Anthony Bourdain left behind a legacy of the most extraordinary travel shows ever seen on TV.
Over the past 12 months, many people will have made it through lockdown on a diet of the iconic food writer's hit documentaries, living their lives vicariously through his experiences.
But Bourdain's daring and the show's genuine moments of danger sometimes make the destinations seem inaccessible to all but the most devil-may-care traveller. The sights, smells and tastes of Parts Unknown and No Reservations feel more like pipe dreams than potential holiday plans.
However, thanks to a new posthumous publication, following in Bourdain's footsteps is actually easier than ever.
New Anthony Bourdain book – "World Travel: An Irreverent Guide"
Created in collaboration with Bourdain's long-time "lieutenant" Laurie Woolever, World Travel: An Irreverent Guide is unlike any other Bourdain book out there.
On the contrary to classics such as Kitchen Confidential and A Cook's Tour, his new book is, at first glance, deceptively practical. The guide is a carefully curated patchwork of Bourdain's insights and reflections on some of his favourite destinations, peppered with genuinely useful information.
Readers can simultaneously reminisce about Bourdain's torture of Eric Ripert with Sichuan peppers and also note down the price of a taxi to central Chengdu.
Unusually for Bourdain, World Travel is a studied and practical handbook to some of the most exciting destinations on Earth. For this reason, it is essential reading for anyone working on their own personal Parts Unknown-inspired travel plans.
Travelling with World Travel
Objectively speaking, World Travel is far from the most comprehensive travel guide you'll ever read. There are no in-depth hotel reviews, no useful phrases and the bare minimum on how to actually get to your desired destination.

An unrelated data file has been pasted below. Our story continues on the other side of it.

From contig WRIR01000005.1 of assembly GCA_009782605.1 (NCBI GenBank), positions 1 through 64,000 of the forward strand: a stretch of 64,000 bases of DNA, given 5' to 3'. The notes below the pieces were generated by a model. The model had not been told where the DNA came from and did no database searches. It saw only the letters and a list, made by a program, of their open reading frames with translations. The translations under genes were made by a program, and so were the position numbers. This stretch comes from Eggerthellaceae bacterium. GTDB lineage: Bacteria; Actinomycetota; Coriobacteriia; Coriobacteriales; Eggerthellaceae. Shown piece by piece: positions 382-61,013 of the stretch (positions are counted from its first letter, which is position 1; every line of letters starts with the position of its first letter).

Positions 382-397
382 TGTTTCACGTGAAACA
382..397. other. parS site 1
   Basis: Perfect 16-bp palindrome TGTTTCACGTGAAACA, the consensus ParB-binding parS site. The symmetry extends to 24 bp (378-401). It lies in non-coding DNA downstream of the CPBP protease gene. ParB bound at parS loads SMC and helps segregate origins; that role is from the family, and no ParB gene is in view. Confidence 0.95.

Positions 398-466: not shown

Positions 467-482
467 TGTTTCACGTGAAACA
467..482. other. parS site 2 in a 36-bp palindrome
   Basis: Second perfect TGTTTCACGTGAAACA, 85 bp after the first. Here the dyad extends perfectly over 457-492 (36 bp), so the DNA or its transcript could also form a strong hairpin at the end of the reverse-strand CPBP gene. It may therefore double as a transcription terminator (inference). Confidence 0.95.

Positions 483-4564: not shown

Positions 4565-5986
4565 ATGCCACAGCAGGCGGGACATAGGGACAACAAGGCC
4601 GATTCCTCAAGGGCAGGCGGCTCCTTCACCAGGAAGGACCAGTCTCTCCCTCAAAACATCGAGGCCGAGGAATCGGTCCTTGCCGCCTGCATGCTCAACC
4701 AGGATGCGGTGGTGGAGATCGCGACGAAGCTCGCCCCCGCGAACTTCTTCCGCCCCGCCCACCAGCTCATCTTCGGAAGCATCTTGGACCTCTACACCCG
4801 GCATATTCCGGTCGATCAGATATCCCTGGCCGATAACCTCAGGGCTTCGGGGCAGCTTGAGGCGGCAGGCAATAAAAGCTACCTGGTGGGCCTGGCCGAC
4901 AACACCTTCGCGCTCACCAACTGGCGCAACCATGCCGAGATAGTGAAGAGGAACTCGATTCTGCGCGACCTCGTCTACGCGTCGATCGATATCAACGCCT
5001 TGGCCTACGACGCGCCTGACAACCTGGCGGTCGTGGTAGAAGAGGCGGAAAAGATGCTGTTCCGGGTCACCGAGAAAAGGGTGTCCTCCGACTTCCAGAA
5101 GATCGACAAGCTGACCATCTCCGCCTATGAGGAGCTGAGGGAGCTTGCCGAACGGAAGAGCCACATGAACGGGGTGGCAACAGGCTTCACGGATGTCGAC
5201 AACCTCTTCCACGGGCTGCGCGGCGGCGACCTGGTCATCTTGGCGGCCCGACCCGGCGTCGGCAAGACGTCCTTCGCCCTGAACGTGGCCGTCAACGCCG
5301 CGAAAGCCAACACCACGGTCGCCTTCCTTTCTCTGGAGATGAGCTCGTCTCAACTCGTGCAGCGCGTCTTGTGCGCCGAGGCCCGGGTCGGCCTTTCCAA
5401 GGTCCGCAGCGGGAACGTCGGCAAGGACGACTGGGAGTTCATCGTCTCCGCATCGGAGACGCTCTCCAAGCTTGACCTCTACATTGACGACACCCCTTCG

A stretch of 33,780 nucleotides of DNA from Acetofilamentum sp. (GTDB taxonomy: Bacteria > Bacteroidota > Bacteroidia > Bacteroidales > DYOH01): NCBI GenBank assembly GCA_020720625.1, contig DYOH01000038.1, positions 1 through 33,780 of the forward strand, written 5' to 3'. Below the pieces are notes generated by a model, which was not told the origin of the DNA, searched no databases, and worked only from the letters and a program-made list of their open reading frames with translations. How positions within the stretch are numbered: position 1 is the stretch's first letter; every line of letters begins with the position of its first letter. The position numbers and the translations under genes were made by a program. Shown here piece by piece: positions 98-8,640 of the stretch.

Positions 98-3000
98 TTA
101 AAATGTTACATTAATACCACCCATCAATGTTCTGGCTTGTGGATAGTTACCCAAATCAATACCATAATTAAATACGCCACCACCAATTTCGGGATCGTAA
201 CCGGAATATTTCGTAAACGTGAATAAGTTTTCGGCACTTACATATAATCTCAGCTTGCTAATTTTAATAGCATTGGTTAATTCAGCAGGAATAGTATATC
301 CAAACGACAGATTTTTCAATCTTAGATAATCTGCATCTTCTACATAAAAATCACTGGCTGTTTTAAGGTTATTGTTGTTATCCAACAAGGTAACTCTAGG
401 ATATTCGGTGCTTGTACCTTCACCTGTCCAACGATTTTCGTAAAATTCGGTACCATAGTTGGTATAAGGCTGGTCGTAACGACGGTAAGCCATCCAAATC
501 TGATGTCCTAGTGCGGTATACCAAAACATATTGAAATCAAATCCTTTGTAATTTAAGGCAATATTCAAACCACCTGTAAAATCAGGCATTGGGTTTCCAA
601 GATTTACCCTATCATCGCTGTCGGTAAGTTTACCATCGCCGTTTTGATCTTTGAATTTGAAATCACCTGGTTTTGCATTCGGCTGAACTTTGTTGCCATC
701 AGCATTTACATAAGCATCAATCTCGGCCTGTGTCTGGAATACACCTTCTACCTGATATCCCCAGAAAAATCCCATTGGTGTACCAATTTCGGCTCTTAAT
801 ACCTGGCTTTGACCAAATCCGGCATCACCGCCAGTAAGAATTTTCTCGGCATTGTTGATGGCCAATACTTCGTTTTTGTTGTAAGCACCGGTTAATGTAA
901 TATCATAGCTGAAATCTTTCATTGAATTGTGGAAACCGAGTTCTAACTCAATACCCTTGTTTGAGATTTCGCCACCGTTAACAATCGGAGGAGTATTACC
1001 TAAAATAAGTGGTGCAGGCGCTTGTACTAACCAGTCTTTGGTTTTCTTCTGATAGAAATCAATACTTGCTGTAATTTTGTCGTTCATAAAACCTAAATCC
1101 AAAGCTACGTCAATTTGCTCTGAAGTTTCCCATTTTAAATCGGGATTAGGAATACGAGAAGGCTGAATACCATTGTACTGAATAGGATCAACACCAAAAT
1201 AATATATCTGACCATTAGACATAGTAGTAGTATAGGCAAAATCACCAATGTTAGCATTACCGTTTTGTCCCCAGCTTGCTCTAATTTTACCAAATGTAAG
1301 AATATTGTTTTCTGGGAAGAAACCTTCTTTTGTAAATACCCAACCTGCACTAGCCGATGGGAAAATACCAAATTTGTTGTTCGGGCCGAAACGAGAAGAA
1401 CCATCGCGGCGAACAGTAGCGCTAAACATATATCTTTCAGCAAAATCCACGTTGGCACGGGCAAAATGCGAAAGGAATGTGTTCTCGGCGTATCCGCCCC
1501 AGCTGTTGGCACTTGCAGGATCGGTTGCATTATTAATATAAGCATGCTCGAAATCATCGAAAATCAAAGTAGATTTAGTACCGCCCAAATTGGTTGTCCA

Instead, the book is a reflection of how Bourdain himself actually travelled – instinctive, spontaneous and erratic. More important than a five-star rating is how a place made him feel.
For instance, Boudain's opinion of Buenos Aires ("it's got sort of a mournful, sad, sweet quality that I like") has nothing to do with local amenities.
These less tangible qualities are central to what made his TV shows so enjoyable. More often than not, it was his ability to discover something extraordinary in the ordinary that made Bourdain such a star.
Despite this, Bourdainophiles will find a lot to get excited about. For the first time, some of his show's most iconic destinations now have actual names and addresses.
There are even suggestions on what to order to get the most out of your experience. This makes the book a must-buy for anyone planning a Parts Unknown pilgrimage.
Bourdain was painfully aware that his shows were only ever a showcase for his own opinions and experiences. As he said in the last piece of narration he ever recorded, "Who gets to tell the stories?... The answer, for better or worse...is, 'I do'."
If you want to experience his stories like never before, World Travel is the only guide you'll ever need.
While it might not be a template for finding your own precious destinations, it is undoubtedly the ultimate way to better experience and understand the places Bourdain himself adored.